International adoption

Facing my 40s single and childless – and after several IVF attempts — it was time to pursue adoption. I hired an attorney in California, but most of the pregnant women were looking for couples. Frustrated with my pursuit of motherhood, I turned to international adoption – and I began writing baby names that started with “Z” on a list.

While looking at photo listings of babies, I saw a 6-month-old girl from Kazakhstan; she was born on my birthday and her name was Darina. I launched my baby-quest and began laboring through the massive pile of paperwork. After a few weeks, I shared my news. “This is my daughter,” I said for the first time. Now, it was real.

The following day, the agency contacted me. A Russian family had filed papers to adopt Darina, and they had priority over non-citizens. So the adoption agency sent me information on another baby, Laura, and we began welcoming her into our lives.

There were hordes of requirements including physical exams, mental evaluations, home study, financial documents, divorce records, fingerprinting, and governmental approvals from California, USA, Kazakhstan and Russia.

Airline tickets in hand, with 10 days to go before travel, the agency contacted me and said Laura’s birth mom wanted her back. My paperwork had gone through, so legally she was mine; but I’d have to present an argument in court. After being assured Laura would return to her birth family, I agreed to my only option — travel as scheduled and meet the only baby available. Her name was Zulfia.

My travel companion Angie and I headed to Los Angeles, where we endured a 10 hour delay before boarding a 12 hour flight to Moscow. When we landed in the former USSR, we met up with six other people – two couples and a single woman traveling with her mom.

We were greeted by our interpreter/driver, Igor, a former KGB officer. He took us to our hotel, got us checked in and then walked us to a market. We didn’t speak the language and couldn’t even fake it. It had only been nine years since the fall of Communism. And it was cold – late November – snow and ice everywhere.

The next day, Igor took us to the airport. The plane to Orenburg, Russia was a little sketchy. When we landed, we split up into two cars. The roads to Aktobe, Kazakhstan were bumpy and barely paved. After a two-hour car ride, we arrived at Hotel Dastan. We were exhausted but ready to meet our babies. We were told we’d have to wait until the morning.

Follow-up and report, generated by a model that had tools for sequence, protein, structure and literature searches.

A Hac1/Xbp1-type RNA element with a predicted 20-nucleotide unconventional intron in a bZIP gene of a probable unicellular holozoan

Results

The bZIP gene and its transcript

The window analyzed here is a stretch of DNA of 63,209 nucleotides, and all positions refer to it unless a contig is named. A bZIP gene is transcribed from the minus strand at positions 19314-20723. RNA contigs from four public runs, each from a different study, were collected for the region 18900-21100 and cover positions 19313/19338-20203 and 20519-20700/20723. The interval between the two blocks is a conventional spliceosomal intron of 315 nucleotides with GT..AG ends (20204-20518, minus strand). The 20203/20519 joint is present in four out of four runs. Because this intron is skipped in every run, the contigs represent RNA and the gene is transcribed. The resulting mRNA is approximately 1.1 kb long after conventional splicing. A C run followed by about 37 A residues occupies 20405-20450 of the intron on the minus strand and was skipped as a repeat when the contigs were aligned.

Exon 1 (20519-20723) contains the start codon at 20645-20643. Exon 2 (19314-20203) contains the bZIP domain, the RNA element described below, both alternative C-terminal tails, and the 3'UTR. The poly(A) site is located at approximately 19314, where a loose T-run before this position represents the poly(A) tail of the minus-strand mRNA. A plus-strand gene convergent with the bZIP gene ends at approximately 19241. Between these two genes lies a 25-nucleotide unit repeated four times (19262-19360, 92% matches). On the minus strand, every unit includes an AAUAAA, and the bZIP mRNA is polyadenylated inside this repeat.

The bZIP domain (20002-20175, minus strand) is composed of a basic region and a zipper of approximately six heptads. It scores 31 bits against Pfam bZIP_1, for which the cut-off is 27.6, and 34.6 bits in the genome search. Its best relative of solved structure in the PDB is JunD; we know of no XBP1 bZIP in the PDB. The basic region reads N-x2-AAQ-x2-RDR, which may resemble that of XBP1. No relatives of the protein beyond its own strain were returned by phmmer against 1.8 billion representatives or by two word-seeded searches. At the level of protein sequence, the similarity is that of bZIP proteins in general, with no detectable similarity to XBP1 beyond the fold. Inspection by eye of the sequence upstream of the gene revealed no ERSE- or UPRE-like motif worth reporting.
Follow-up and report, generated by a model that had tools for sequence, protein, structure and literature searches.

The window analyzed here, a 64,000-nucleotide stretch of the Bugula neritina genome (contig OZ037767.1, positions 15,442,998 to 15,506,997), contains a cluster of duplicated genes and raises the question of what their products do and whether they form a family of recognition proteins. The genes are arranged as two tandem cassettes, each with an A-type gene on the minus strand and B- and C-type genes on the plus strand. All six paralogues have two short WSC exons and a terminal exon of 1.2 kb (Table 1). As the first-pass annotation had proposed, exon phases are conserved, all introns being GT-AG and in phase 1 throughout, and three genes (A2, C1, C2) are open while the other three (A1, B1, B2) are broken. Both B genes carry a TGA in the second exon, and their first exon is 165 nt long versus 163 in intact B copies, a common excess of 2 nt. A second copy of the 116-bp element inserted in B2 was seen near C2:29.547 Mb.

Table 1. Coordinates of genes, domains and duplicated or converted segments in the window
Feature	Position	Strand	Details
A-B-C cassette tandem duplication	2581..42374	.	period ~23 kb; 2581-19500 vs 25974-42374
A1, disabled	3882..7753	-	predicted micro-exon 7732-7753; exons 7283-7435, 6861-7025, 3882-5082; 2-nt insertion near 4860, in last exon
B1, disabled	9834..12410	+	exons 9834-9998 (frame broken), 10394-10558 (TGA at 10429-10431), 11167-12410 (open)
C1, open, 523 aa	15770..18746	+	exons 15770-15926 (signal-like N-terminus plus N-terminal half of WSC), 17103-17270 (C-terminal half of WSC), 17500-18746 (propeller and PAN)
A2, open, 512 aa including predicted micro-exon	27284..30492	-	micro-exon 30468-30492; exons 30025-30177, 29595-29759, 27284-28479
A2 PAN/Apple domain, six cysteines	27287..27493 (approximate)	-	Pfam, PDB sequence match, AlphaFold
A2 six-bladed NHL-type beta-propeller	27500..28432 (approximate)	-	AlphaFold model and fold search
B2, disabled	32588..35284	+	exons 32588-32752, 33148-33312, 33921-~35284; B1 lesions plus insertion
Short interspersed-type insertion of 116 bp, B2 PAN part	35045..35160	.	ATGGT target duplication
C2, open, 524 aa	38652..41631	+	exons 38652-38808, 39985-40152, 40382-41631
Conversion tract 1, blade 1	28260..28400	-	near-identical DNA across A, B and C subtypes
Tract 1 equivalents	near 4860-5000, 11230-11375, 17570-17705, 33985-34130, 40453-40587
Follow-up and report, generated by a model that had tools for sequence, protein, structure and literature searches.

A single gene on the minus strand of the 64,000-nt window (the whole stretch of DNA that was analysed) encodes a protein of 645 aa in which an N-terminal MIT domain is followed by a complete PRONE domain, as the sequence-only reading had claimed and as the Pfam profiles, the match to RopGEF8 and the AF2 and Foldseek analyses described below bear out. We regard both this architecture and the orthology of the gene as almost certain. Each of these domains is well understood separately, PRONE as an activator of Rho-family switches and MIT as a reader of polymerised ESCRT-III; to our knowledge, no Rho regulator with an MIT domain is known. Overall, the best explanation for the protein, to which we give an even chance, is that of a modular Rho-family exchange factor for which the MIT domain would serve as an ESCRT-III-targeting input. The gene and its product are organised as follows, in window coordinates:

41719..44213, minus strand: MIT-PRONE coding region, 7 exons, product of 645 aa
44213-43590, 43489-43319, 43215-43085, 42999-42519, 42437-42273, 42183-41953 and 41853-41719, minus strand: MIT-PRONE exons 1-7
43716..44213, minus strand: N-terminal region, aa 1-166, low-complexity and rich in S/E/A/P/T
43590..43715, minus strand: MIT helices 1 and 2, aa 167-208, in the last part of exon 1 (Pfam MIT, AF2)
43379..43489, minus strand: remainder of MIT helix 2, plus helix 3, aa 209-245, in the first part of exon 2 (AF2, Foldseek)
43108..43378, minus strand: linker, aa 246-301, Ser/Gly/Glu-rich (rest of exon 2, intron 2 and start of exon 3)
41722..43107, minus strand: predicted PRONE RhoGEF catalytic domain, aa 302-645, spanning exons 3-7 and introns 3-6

We were up at the crack of dawn, but our driver was delayed. At this point, we had waited long enough. We stepped out into the snow – it was 10 degrees Fahrenheit – and walked to the Amit Baby House.

At the baby house, the group was led one direction and I was asked to follow the head of the orphanage. She took us outside and around the back of the building. We entered through a back door and were led into a waiting room. After what seemed like forever, two women walked into the room, one holding a tiny baby with a shaved head and eyes black as olives. They asked me, using mostly hand motions, if I was ready to hold her. I stood up, my smile as big as a galaxy, and they placed little Zulfia in my arms. “She looks like you,” they communicated.

All of a sudden everything made sense. The years of crying at every flow, the in vitros, Darina and Laura – it all made sense. This was my daughter. This precious, tiny thing was who I had been seeking since I had gotten married in my late 20s.

I looked down, our eyes met and I spoke out-loud to her for the first time: “You found me. You finally found me.”

Internationa adoption story

Image Credit: Suzanne Kayian

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Suzanne Kayian and her daughter, Zofia Rose, moved to Maui from California in 2006. Suzanne, an entertainment journalist, retired from her full time job when she adopted Zofia. She wrote freelance for Ticketmaster, Live Nation and Maui Time until last year, when Zofia left for college. Suzanne is now a communication specialist with Councilmember Kelly Takaya King’s office.


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